Right now it is very clear how CPC and CEB has become a public burden . Mainly to the lower and middle class people. Looking at thinking behind the tariff structure 90 units seems to have been allocated as "upper class house" looking at the jump. On a practical side to live below 90 units mean you have to have small house and very few electrical appliances . ( Now if you want to use an AC units and water geysers units will jump more than 300. Isn;t this a practical way to figure out who want to lead luxury life) So going with the thinking behind this structure I see if lower middle class want to come to upper middle class it will be a big challege.
Thinking also need to change if we need to develop a country.
Further to my above comments see the below article . I highlighted some key sentences with good and bad . Also this discussion here might be helpful to PUC.
A leading business chamber fears the upcoming electricity price revision could be both unfair and unrealistic.
"We have good reason to believe that the middle class will really suffer as a result of the upcoming electricity price revision, where tariffs for this category of households will be increased by 40 to 60 percent, whereas users of a higher number of units would actually see a decline," Federation of Chambers of Commerce and Industry of Sri Lanka (FCCISL) Kumar Mallimaratchi said.
The country’s middle class has been growing in recent years.
"The government must be realistic and fair. True the middle class is growing but it cannot milk the cow just because it is there," he said addressing a forum on consumer rights last week jointly organised by the chamber and the Institute of Policy Studies.
Mallimaratchi said a rise in electricity tariffs would affect incomes in the hotels sector as well.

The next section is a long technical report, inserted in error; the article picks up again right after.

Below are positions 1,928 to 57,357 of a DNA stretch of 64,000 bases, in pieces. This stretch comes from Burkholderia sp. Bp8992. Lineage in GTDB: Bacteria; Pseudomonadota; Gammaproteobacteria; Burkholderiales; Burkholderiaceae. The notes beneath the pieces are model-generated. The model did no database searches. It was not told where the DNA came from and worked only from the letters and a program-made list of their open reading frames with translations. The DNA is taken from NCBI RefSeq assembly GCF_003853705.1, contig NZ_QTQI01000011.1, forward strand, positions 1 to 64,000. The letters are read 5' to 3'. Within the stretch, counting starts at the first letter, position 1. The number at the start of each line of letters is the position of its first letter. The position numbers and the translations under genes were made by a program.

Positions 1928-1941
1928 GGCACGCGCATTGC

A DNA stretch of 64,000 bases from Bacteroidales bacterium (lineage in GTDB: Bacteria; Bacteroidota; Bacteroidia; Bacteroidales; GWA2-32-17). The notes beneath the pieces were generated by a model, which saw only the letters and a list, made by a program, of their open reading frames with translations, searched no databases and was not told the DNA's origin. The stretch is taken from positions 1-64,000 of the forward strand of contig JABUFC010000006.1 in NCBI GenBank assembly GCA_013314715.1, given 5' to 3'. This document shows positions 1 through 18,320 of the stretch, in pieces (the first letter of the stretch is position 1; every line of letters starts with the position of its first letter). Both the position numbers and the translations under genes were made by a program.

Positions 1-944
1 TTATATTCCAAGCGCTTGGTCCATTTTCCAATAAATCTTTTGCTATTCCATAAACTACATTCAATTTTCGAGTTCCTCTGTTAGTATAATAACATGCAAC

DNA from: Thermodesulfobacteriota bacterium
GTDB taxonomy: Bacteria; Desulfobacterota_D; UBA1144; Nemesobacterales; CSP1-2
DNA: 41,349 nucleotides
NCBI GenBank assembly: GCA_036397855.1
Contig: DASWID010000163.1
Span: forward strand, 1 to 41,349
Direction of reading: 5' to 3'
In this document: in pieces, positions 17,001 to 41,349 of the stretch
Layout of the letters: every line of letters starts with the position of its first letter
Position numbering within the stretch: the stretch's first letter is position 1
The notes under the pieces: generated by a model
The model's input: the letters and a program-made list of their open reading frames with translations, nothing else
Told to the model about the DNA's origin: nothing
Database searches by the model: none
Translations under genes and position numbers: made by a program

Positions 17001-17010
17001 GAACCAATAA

The Public Utilities Commission (PUC) is in the process of collecting views on the revision from the public.
"We are looking for constructive suggestions on how we can reduce costs at the CEB, and not, like most have done, comments that electricity rates are already too high," PUC Director General Dhamitha Kumarasinghe told the forum.
He said the PUC had a thankless task of balancing the interests of all stakeholders.
The CEB, in its submissions to the PUC, has said costs for 2013 would be Rs. 268 billion.
Kumarasinghe said the PUC trimmed down Rs. 40 billion from this because, being a natural monopoly, the CEB had included other incidental costs as well.
"If we receive recommendations which would help us trim down a further Rs. 20 billion, it would be a significant achievement and this is what we want from business chambers and professionals. Even politicians are welcome to make recommendations. The invitation is open to all," he said.
The PUC Director General said the proposed tariff revision does not consider the effectiveness of management at the CEB, nor its dues from other government institutions.
Transmission loss which was 13.7 percent in 2011 was reduced to 12 percent in 2012 and is expected to come down to 11 percent by 2015.